February 2008

The three finalists of the BBC's MasterChef 2008 wait anxiously for the winner to be proclaimed...


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Even if I am Japanese, I don't like all Japanese food. And I must confess that I don't like a lot of traditional Japanese sweets that are based on sweetened beans. For the most part they are way too sweet for me, and if I make them for myself I'm always adjusting the sweetness level, as with my ohagi or botamochi.

Mitarashi dango, however, are my absolute favorite traditional sweet. They are not really that sweet really - that shiny caramel colored sauce (which is called mitarashi sauce) is sweet and savory at the same time. It goes perfectly with the bland, slightly chewy dango or dumplings. (Dango is the name for unfilled solid dumplings.)

You may see the dango just plained boiled more often than not. But grilling the dango makes them so much better, in my opinion.

[Update:] There seems to be some confusion about how zakkokumai is cooked and looks like, so I've added some more photos and such.


Rice is such an integral part of a Japanese meal, that the word for 'meal' (gohan, ご飯) also means rice. White rice is the norm, both for taste and for various cultural reasons. But as you probably know, white rice (hakumai, 白米) is rice that has been stripped of most of its nutrients, leaving just the starch.

Brown rice (genmai) is the obvious healthier alternative. But brown rice can take some time to cook, what with the soaking and so on that's needed, and some people simply don't like the taste or texture.

In recent years, something called zakkoku-mai (雑穀米)has become increasingly popular in Japan. Zakkoku just means "mixed grains", and mai is rice. Another name for essentially the same thing is kokumotsu gohan (穀物ご飯).

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Here are the results of the latest poll, which asked the question: Should there be more restaurant authenticity verifiers? The poll results with comments and nifty graphics are here.

  • Yes, I want to know if the food I'm eating is authentic. = 43% (80 votes)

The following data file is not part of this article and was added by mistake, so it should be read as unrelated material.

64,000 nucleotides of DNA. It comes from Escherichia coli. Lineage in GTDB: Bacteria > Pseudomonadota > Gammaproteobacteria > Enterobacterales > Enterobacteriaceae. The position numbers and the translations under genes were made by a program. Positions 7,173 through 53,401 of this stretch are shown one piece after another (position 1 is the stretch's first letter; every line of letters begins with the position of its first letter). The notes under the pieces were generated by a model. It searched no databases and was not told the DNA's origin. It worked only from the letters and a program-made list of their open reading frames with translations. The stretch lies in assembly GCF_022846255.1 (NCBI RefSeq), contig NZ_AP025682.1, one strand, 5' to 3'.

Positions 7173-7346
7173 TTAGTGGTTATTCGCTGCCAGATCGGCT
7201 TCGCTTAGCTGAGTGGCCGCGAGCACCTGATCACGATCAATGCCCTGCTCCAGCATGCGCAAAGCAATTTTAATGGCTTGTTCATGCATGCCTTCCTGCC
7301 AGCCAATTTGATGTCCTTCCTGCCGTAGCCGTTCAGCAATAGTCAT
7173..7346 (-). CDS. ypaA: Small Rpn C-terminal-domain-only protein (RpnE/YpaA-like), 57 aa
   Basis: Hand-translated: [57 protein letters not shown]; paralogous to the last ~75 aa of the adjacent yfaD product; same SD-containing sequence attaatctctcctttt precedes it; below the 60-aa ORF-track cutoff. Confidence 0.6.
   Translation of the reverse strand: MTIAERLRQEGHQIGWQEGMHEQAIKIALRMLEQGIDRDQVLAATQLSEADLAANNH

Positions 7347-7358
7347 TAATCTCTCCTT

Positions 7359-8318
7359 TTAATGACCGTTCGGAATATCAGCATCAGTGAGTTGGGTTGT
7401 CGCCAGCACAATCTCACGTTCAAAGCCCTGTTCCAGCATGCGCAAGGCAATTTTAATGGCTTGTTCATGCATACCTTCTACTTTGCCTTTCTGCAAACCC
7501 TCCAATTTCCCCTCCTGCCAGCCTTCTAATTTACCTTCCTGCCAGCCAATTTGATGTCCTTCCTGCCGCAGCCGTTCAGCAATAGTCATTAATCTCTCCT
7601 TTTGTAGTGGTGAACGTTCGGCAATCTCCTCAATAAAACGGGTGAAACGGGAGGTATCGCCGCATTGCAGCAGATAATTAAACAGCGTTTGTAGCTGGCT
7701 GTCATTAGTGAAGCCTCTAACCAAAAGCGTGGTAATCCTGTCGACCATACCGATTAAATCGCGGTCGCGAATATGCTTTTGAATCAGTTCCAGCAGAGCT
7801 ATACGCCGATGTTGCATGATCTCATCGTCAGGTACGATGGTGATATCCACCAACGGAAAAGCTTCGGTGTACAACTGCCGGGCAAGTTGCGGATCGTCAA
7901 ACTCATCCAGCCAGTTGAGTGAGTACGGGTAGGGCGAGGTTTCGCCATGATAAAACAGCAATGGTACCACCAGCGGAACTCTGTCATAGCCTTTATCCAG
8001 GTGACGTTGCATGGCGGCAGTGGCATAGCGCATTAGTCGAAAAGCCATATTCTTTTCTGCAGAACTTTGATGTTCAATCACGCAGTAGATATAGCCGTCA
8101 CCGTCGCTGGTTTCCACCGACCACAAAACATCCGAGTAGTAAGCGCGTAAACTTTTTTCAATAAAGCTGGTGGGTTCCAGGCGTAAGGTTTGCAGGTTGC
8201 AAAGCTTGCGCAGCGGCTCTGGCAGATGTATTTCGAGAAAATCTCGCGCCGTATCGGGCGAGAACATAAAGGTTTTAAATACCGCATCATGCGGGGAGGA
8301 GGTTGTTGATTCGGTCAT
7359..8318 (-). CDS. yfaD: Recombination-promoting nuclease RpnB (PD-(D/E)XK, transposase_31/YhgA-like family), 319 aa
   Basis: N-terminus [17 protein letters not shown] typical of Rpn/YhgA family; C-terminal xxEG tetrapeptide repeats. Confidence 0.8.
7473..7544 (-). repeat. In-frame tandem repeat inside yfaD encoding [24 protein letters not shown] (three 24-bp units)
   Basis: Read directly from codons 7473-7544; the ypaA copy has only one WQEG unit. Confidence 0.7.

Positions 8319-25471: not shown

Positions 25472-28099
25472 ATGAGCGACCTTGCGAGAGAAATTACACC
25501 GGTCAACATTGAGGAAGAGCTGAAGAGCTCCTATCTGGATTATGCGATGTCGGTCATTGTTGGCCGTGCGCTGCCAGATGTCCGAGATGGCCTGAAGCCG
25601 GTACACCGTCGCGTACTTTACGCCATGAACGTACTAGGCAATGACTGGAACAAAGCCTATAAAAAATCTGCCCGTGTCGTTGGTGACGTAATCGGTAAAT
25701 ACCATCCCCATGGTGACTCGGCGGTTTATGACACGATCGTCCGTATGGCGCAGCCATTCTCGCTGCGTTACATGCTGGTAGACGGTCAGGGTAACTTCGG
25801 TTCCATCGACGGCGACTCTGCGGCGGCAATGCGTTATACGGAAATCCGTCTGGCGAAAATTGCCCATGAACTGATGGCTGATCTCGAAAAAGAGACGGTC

• No, it's a bad idea - 49% (91 votes)
  • Other - 6% (12 votes)
  • Don't know - 2% (3 votes)


These tasty little savory cakes are made of ground lotus root. The texture is quite surprising - almost like mochi cakes. It's a great vegan, gluten-free savory snack that's high in fiber and packed with flavor.


Look what came in the mail today!

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Usually when I put a recipe up here, it's something that's been fully resolved: that is, I've tried it out for myself (in most cases several times over), and I know that it works. This one is a bit different, but I thought I'd write about it in-progress, as it were, anyway.

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re-ment-girichoco.jpgAs I wrote about last year, Valentine's Day in Japan is fraught with social stress. Somehow, the chocolate manufacturers have managed to convince the whole society that a girl or woman can't just give chocolates to the ones they love. (And it's only the women who give chocolates in Japan on the 14th, not men, unlike other countries.) She must also give giri choco, or 'obligation chocolates', to people she 'owes'; bosses, teachers, and fathers-in-law.

Now you can see this kind of social giving in miniature! Re-ment, the maker of amazingly detailed diecast miniatures which I've also written about before, has this set of two types of chocolates: _Honmei or giri?!_ (Your real target, or obligation?!) The caption says this:


Okonomiyaki is getting slowly more popular outside of Japan. It's often described as a Japanese pizza, but it's more like a savory pancake.

Okonomiyaki was invented, they say, in Osaka, which is a city famous for cheap and good eats. Okonomiyaki is a snack more than a full meal, though it is pretty filling. It's a quintessential yatai or streetside food stand food, though nowadays you're more likely to eat it indoors than sitting at an outside stall. It's a very communal type of food, especially if you cook it on a tabletop griddle.

This is a fairly authentic recipe I think, or as authentic as a Tokyo born-and-bred girl can get.

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Just like it's a good idea to take inventory of your pantry sometimes, I find it useful to take a look back at my sites occasionally and take stock of what I'm doing.

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